The GOP candidates present something more of a unified front about how to deal with the foreclosure crisis than the Democrats. The candidates remaining usually offer cautious support for the Bush Administration’s efforts when asked how they propose to address the issue. And they all call for limited government involvement — if any.
The current administration’s foreclosure measures mostly revolve around the Hope Now plan. It is a coalition of mortgage industry players — responsible for 62 percent of outstanding mortgages — who have voluntarily agreed to work with borrowers to avoid foreclosure.
“The borrower and the lender have to sit down together, and it has to happen on a large scale,” Senator John McCain said in a comment echoing Hope Now’s agenda. He is “cautiously optimistic“ that the current effort will work, but thinks government intervention may be necessary if it doesn’t.
His most visible proposal is a simplification of mortgages. He thinks they should be a clear, concise, one page document with a large print declaration to be signed by the borrower that states: “I understand this document.”
Some of his other ideas include raising the licensing standards for mortgage brokers, and forcing credit rating agencies — who gave good ratings for securities that included subprime mortgages — to make their ratings based on “objective information.”
Mike Huckabee has also said his administration would act along the lines of the Bush Administration in regards to the mortgage crisis. Without going into details, he said, “The federal government needs to immediately begin a second round of negotiations with subprime lenders with an eye toward expansion of the ‘Hope Now’ program.”
But in an interview with Bloomberg news, the former governor also espoused his belief that government intervention is currently toeing the acceptable line. “I wouldn’t push it any further and I sure wouldn’t spend one dime of taxpayer money because if that happens, I think every American says, I’ll go out and buy a Ferrari even though I can’t pay for it.”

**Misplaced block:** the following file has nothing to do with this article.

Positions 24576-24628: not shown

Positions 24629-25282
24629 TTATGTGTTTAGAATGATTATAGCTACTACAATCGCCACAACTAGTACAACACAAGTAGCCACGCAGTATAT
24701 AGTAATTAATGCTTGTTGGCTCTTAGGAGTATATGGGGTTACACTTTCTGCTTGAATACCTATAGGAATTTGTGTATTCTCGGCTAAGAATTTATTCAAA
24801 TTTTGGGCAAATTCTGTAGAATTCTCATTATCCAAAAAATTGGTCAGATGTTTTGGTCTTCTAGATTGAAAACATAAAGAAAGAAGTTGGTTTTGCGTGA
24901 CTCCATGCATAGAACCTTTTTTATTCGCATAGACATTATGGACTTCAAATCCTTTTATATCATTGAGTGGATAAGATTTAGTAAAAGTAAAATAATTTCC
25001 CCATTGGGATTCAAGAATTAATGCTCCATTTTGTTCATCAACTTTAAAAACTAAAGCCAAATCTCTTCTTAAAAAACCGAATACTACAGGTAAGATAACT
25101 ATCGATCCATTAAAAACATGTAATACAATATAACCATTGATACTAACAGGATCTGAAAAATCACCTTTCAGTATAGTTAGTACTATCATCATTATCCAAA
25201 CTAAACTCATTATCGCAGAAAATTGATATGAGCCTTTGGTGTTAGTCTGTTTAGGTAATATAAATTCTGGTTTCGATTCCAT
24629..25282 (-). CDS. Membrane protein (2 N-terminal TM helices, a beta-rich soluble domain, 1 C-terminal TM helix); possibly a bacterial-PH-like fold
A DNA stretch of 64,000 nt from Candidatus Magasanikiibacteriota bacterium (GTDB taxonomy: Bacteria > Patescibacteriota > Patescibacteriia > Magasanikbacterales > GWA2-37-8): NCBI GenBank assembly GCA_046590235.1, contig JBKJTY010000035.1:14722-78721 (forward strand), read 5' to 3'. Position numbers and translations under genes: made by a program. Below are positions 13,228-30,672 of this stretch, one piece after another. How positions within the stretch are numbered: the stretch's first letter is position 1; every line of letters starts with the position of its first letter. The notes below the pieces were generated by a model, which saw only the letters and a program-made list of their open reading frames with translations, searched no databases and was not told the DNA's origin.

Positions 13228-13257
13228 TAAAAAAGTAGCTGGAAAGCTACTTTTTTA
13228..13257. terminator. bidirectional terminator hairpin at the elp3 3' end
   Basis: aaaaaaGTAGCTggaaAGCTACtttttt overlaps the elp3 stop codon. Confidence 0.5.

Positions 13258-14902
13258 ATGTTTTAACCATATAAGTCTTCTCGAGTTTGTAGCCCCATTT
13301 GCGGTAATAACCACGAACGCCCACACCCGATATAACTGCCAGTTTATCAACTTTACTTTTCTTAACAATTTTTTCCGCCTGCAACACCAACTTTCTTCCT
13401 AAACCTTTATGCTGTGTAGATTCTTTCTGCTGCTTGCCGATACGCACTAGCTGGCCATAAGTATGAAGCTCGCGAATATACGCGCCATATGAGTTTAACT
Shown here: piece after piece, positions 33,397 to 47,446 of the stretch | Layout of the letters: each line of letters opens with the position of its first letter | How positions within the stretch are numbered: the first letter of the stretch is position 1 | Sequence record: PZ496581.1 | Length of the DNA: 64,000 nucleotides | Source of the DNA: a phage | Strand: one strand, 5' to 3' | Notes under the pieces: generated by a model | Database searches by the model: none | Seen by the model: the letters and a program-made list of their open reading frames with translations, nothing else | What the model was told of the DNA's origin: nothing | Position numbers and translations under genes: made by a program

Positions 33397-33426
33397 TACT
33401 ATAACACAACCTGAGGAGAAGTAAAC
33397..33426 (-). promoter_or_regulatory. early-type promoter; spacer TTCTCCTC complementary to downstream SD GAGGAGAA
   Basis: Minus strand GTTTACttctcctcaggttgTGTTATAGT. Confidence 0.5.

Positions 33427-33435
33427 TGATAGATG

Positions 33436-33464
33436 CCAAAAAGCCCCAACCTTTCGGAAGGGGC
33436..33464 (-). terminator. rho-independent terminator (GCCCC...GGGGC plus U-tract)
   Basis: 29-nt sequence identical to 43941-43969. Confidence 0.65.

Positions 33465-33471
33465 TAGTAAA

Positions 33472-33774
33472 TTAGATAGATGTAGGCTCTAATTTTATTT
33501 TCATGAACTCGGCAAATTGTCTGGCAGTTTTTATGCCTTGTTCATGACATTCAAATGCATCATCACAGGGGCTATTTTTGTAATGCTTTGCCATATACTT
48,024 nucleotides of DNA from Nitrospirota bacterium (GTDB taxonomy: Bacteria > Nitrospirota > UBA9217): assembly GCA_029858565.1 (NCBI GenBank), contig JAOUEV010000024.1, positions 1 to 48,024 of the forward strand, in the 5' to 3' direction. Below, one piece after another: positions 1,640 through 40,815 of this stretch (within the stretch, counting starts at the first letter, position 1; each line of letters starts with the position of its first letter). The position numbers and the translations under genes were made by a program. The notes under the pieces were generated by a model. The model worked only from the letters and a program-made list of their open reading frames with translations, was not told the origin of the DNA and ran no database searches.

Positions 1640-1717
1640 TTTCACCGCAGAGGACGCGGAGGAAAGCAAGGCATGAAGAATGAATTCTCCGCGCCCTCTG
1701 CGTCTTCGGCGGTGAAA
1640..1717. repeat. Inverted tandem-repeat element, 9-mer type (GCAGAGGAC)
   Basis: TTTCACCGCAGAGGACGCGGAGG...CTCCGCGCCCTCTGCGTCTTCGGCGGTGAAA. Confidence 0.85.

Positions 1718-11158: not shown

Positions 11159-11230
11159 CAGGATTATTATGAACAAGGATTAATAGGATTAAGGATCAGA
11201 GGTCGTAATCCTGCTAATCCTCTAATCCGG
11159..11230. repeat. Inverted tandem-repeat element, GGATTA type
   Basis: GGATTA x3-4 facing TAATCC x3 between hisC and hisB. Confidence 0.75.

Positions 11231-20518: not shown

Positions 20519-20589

She called for an across the board (rather than loan-by-loan approach) five-year interest rate freeze for all homeowners who have generally kept up on their mortgage payments. “In today’s market, this modification generally will exceed the net present value of allowing the loan to go into foreclosure,” Bair said.
Mccain says he wishes there where enough resources to go case-by-case and decide who gets an interest rate freeze. “But, my god,” he exclaimed in an editorial meeting with New Hampshire newspapers, “we’re talking about hundreds of thousands, if not millions. How long would that take? Meanwhile, people are suffering very badly.”
Ron Paul has been concentrating on what he sees as the cause of the wave of foreclosures. “The root of this crisis, as with past financial and economic crises, results from federal government intervention into the economy, not to anything endemic to the market, nor to the actions of market participants,” he declared in a statement.
Addressing the idea of foreclosure moratoriums, a point of contention in the Democratic debate, Huckabee said it would create “a chilling effect on the lending industry, because who’s going to want to lend money if they don’t have the capacity to get their asset back if there’s a default on the loan.”
Huckabee also doesn’t support new predatory lending laws, and he stresses that he doesn’t “want to bail out the institutions that made these risky loans and their investors, they should suffer the consequences.”
But McCain pointed out to the New Hampshire editorial boards that some of those investors are localities and counties in Florida and a city in Norway.